•  Most embarrassing gig attended - Status Quo, Milton Keynes. My brother used to be a huge fan, so I would offer to go when nobody else would. I've seen them more than once, but the less said about this, the better.
  • Gigs I've either blagged my way into or paid nothing for - Linkin Park, Manchester. Placebo, many venues. Oasis, Manchester. David Gray, B'ham. U2, Wembley. Athlete, Oxford. And various other bands on the up and coming.
  • Performance I've watched whilst most stoned - Richard Ashcroft, V Festival. It was amazing. When he sang "Lucky Man", I felt like I was gonna have an orgasm, right there and then.
  • Band/Artist I really want to see - Too many to name. Metric, Goldfrapp, White Lies, Paloma Faith, Bombay Bicycle Club, Jamie T, Biffy Clyro, Interpol, Arcade Fire, Florence and The Machine, Natalie Merchant, The National....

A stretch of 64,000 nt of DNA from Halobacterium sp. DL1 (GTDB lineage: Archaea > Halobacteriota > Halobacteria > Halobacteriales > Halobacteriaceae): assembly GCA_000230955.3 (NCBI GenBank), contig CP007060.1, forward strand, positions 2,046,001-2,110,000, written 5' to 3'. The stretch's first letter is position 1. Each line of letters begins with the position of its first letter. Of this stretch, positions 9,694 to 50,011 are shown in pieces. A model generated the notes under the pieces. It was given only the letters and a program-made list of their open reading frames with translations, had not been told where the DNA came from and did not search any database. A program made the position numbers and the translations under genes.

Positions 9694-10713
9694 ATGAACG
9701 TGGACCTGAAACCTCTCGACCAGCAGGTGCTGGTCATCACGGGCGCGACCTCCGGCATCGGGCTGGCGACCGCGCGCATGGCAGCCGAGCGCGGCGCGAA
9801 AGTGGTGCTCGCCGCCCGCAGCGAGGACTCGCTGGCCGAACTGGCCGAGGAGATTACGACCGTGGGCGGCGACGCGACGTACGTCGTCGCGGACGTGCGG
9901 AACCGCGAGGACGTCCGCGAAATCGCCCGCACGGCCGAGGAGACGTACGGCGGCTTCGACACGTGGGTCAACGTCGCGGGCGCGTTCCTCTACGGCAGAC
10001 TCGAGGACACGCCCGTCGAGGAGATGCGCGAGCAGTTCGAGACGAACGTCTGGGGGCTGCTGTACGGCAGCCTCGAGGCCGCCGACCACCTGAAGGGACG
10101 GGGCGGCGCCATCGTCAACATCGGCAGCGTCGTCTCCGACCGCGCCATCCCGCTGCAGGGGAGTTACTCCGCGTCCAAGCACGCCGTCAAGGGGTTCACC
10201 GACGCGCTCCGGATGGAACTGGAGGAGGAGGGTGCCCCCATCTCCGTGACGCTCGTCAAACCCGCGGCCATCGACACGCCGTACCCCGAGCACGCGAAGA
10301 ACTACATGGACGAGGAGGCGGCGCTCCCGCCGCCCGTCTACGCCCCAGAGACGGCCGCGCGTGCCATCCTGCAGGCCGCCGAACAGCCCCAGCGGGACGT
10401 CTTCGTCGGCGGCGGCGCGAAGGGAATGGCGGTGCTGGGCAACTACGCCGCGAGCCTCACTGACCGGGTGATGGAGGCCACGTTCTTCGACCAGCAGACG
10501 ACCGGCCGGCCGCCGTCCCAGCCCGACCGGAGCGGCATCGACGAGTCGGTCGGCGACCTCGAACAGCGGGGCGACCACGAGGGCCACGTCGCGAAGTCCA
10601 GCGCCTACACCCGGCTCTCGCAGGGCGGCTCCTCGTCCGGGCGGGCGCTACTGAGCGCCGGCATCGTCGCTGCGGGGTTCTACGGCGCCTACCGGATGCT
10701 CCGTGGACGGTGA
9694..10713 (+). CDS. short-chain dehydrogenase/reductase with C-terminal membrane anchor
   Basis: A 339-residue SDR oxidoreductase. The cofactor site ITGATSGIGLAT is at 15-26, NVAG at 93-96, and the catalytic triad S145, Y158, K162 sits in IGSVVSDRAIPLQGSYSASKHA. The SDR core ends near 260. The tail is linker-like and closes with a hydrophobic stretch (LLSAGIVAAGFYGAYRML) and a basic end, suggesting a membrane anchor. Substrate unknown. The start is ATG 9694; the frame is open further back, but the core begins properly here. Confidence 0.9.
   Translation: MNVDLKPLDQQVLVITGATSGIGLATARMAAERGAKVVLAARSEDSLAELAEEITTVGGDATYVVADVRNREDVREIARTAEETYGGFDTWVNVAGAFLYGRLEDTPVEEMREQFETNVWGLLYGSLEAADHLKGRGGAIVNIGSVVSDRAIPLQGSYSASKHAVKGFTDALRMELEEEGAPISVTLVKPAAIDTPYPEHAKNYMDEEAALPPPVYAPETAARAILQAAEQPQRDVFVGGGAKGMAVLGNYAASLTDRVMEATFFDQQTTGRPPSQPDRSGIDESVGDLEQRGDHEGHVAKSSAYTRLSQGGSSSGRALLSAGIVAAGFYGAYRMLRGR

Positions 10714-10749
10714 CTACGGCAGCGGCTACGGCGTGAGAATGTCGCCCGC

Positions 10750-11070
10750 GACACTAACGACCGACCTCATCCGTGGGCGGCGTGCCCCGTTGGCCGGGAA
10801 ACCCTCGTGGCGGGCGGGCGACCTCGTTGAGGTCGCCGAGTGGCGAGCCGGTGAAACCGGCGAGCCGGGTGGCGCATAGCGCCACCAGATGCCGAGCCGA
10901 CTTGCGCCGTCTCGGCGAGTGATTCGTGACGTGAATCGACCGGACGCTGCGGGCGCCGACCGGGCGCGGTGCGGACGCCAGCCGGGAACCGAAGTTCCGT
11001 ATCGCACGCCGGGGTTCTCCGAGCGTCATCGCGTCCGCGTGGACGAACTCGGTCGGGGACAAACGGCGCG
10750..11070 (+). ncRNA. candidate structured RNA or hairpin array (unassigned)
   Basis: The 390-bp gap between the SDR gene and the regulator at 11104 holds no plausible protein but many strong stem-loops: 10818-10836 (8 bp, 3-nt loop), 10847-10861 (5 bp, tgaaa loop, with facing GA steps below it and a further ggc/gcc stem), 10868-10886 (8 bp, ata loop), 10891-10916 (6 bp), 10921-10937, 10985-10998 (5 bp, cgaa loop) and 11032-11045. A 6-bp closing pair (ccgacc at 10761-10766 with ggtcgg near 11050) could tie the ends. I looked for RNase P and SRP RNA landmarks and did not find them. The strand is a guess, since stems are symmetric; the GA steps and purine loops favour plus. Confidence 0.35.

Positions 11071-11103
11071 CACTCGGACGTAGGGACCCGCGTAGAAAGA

• Bands/artists I've seen more than 4 times - Prince, probably close to 30 times. Embrace, Elbow, Placebo, Faithless, Stereophonics, Keane, Starsailor, Paul Weller, Doves, Feeder....
  • Shortest gig/set I've seen - Mel C, V Festival. She came on late afternoon, main stage. Did a couple of songs, then decided it would be a good idea to do a cover of "Anarchy In The Uk". It wasn't. The crowd pelted the stage with anything and everything; bottles, beer cups, sandwiches, clothing, shoes, cuddly toys, fruit, you name it.
  • Longest Gig attended - Prince, London. There was no support, the stage was in the middle of the Arena and he played for just over 3 1/2 hours in total, with a short 20 minute break in the middle.
  • Loudest gig - 30 Seconds To Mars, B'ham. No distortion in the speakers at all, just pure volume. Brilliant gig, supporting their second album. I had ringing in my ears for several days after that night. In fact, it was still there when I went to see Paramore at the same venue two days later. Oof!